Here this for file in file1.txt file2.txt; do line starts a for loop that iterates over a list of files. Then the echo “Contents of $file:” line prints the header where “$file” is substituted with the name of the current file. After that, the cat "$file" command displays the contents of the “$file” file. In addition, the purpose of the last echo command is to print an empty line after printing every file.

At last, run the script with the following command:


Running multiple_files.sh scriptHere, in the output, the contents of two files are printed with headers. You can also see a space in between.


In this example, I have explained the cat in Bash with multiple practical examples. I hope it was helpful to you.

People Also Ask

What is cat in shell?

Cat is short of concatenate. It is a command that displays the contents of one or more files without opening file in text editor.

How to use cat in shell script?

To use cat command in Linux, you need to type cat followed by file name/names. For instance, my filename is file.txt. The command will go like the following: cat file.txt.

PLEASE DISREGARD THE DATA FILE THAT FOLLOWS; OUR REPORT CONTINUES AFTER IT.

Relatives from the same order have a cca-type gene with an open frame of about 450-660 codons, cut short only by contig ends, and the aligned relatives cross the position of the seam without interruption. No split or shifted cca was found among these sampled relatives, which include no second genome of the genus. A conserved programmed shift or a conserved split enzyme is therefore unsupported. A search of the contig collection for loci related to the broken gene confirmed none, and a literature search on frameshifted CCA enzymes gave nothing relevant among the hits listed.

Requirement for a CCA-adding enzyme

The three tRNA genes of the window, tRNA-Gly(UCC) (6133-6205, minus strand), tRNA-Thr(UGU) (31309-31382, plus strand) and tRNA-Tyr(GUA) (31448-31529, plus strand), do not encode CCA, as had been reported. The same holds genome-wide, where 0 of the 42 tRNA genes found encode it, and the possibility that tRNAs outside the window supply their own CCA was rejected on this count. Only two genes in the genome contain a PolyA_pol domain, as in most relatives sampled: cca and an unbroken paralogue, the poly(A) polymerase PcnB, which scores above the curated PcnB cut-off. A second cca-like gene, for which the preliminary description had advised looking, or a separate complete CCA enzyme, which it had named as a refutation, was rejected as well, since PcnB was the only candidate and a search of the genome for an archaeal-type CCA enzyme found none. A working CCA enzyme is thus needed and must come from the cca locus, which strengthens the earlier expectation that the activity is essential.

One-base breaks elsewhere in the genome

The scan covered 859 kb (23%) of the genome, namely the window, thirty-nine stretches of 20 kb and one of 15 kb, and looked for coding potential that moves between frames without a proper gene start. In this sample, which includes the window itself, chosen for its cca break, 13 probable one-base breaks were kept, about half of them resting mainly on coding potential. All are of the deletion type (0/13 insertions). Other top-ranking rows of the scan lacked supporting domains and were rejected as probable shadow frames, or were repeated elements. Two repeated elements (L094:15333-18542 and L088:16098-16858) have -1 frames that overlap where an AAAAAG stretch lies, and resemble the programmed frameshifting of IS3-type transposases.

How to create a cat file in Linux?

To create a file using cat, you need to write the cat command followed by “>” and the filename. For example, if you want to create a file by the name of myfile, you can use the command below: cat > myfile.

What is cat vs ls in Linux?

The ls command without any input argument lists the files and directories of the current directory and can not read the file content whereas the cat command directly reads the file content and displays the contents in the terminal.

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<< Go Back to Bash Output | Bash I/O | Bash Scripting Tutorial

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Walid Al Asad

Hello Everyone! I am Walid Al Asad. Currently, I am working at a tech company named Softeko as a Linux Content Developer Executive. I live in Dhaka, Bangladesh. I have completed my BSc. in Mechanical Engineering from Bangladesh University of Engineering and Technology (BUET). You can find me on LinkedIn, and ResearchGate. Read Full Bio